There are several employment law issues that every employer encounters during the course of employment. Understanding how to approach these issues can help employers minimise liability arising from the employment relationship or regulatory compliance. These issues range from recruitment to termination of employment and these can further be expounded on below:
- The decision of who to employ is at the discretion of the employer but once employees are recruited, employers are forbidden from acting in a discriminatory manner. An offer of employment can be made orally or in writing but certain contracts must be concluded in writing.
- Contracts concluded for a continuous period of three (3) or more consecutive months and employment contracts concluded in Rwanda for rendering of services in a foreign country must be in written form.
- The law prescribes the content of an employment contract which must include among others the language of usage, obligations of the parties, termination, dispute resolution, among others.
Fixed terms and open ended contracts
- It is important to consider the effect of entering into either fixed term or open ended contracts particularly in relation to termination.
- Upon expiry of the period of a fixed term contract, employers are not obliged to give reasons for non-renewal, however with open ended contracts employers are required to provide legitimate reasons prior to termination based on grounds such as poor performance or gross misconduct among others.
- In case a fixed term contract expires, and the employee continues working, he or she is paid based on the days worked.
- Further, in the event of termination of open ended contracts or fixed term contracts an employer must be aware of the different legal implications.
Employment of foreigners
- When choosing to employ foreigners, employers are required to ensure that they have valid work permits for at least the duration of their contracts (if fixed term). It should be noted that citizens of East African Community states, who are eligible for residence permits, are entitled to be issued with the same permits at no government fee.
- In addition, foreigners whose qualifications fall under the occupation on demand list are entitled to apply for work permits without the need for their employers to carry out a labour market test.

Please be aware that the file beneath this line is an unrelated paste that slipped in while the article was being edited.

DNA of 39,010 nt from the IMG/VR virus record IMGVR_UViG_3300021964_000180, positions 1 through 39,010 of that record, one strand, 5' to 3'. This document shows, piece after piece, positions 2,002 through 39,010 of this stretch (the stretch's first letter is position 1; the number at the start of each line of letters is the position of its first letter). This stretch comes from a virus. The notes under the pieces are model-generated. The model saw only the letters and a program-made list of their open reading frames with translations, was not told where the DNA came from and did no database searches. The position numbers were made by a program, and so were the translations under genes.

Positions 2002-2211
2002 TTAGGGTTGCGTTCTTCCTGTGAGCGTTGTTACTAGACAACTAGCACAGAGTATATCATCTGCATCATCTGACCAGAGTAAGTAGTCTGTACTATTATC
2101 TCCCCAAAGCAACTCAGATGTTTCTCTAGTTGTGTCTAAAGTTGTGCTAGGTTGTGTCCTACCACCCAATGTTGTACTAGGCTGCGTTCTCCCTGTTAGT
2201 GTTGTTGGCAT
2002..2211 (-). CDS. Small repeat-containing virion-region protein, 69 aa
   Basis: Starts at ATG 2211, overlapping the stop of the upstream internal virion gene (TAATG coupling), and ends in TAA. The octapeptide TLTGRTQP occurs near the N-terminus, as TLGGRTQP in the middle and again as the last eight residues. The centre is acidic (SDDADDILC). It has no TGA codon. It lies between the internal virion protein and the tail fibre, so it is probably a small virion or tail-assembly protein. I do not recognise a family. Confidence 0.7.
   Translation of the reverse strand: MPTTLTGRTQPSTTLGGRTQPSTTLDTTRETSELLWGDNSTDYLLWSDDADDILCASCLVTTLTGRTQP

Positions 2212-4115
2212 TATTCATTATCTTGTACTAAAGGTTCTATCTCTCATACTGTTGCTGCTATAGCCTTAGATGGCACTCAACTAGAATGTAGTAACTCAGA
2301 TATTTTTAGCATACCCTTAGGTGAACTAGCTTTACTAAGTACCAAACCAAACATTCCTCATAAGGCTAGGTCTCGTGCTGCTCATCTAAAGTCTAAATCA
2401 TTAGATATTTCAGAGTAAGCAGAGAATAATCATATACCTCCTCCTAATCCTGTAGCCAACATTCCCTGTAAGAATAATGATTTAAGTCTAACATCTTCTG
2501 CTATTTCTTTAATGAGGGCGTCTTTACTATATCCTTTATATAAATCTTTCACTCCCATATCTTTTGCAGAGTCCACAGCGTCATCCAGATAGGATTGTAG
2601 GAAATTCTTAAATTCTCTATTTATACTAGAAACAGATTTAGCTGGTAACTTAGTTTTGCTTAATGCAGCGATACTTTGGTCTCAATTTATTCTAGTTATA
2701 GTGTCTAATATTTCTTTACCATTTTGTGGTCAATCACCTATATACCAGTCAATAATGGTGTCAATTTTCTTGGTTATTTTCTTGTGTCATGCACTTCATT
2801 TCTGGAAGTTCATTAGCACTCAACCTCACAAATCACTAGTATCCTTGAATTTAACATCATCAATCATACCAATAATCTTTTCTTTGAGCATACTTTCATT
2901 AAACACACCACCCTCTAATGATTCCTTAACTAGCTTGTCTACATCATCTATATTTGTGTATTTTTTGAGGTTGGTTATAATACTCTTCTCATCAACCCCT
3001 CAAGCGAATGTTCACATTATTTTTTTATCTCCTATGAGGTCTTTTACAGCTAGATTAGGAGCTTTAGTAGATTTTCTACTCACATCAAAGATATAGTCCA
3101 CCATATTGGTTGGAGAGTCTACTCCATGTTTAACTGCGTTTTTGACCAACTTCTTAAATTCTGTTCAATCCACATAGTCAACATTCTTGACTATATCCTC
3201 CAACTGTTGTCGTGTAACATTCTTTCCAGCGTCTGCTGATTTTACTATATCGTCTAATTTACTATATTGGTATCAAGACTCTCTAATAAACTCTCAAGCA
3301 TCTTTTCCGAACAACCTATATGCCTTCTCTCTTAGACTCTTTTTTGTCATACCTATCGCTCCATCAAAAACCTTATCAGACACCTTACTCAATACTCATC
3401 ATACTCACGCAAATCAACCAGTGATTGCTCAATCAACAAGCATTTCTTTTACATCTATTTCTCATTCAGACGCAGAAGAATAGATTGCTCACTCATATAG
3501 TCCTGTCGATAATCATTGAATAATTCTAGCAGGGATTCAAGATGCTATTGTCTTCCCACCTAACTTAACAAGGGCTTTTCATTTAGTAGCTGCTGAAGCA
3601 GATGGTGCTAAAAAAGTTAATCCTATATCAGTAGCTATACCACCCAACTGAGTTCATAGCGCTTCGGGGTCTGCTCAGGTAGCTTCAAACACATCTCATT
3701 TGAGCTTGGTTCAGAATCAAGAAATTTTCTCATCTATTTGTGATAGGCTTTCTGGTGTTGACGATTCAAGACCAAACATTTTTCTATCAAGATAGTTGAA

- Providing their employees with the agreed work, under agreed working conditions and at the time and place as agreed.
- Implementing the employment contract.
- Supervising employees and making sure that the work is done in suitable conditions, as far as security, health and dignity of the employee are concerned.
- Paying the employee the agreed remuneration, regularly and timely (including withholding the appropriate income tax and remitting it to the tax authorities).
- Ensuring that employees receive the statutory benefits such as leave (annual, circumstantial and medical), compensation for overtime (where the statutory working hours are exceeded), medical insurance and enrolling them for the social security scheme.
Internal rules of procedure
- Every employer with more than 5 employees is required by law to have internal rules and regulation which must be in Kinyarwanda and one of the other official languages in Rwanda (either English or French). These rules are required to provide policies relating to the organization of the business, disciplinary procedures and health and security among others.
- The most common legal risk faced by employers relates to termination of employment, in particular the procedures followed when terminating the employment relationship. These can be summarized into three requirements, namely:
- Issuing the appropriate termination notice
- Payment of the appropriate termination benefits (such as severance pay, compensation for unused annual leave and the value of any other benefits owed to the employee in the contract), and
- Issuing a certificate of rendered services within the prescribed period after a request has been made by the employee.
- The failure to comply with the above requirements can render an employer liable for unlawful termination which can result in payment of damages to the employee.
Role of the labour inspector
- Every district has a relevant labour inspector who plays a significant role in ensuring that employers are compliant with the relevant laws relating to employment in Rwanda.
- The following are some of the notable powers that may be exercised by the labour inspector:
- To enter, during working hours whether at night or during the day, any business premises in his / her area for inspection
- To initiate any investigation considered necessary to ensure that legal provisions are actually observed by the employer and particularly, to question, alone or before witnesses, an employer or employees on all issues relating to the business, and' compliance with the laws and regulations in force; and to request to see whether the registers and other documents for the business are kept in such a manner as provided for by the labour law. The labour inspector may request a copy of any document provided for by the labour law
- To order the employer to display any notices provided for by law on the work premises, and
- To take a sample of any substance found on the work premises in the presence of the employer for further analysis. If it is established that these substances may be harmful to the health of the employees, the labour inspector can order protection measures to be put in place by the employer.
- Employers are also required to notify the labour inspector of any occupational risks identified by the employer, suspension of employees, relocation or termination of an employee who was involved in an accident, termination of employees for economic and technological reasons and employee disputes.
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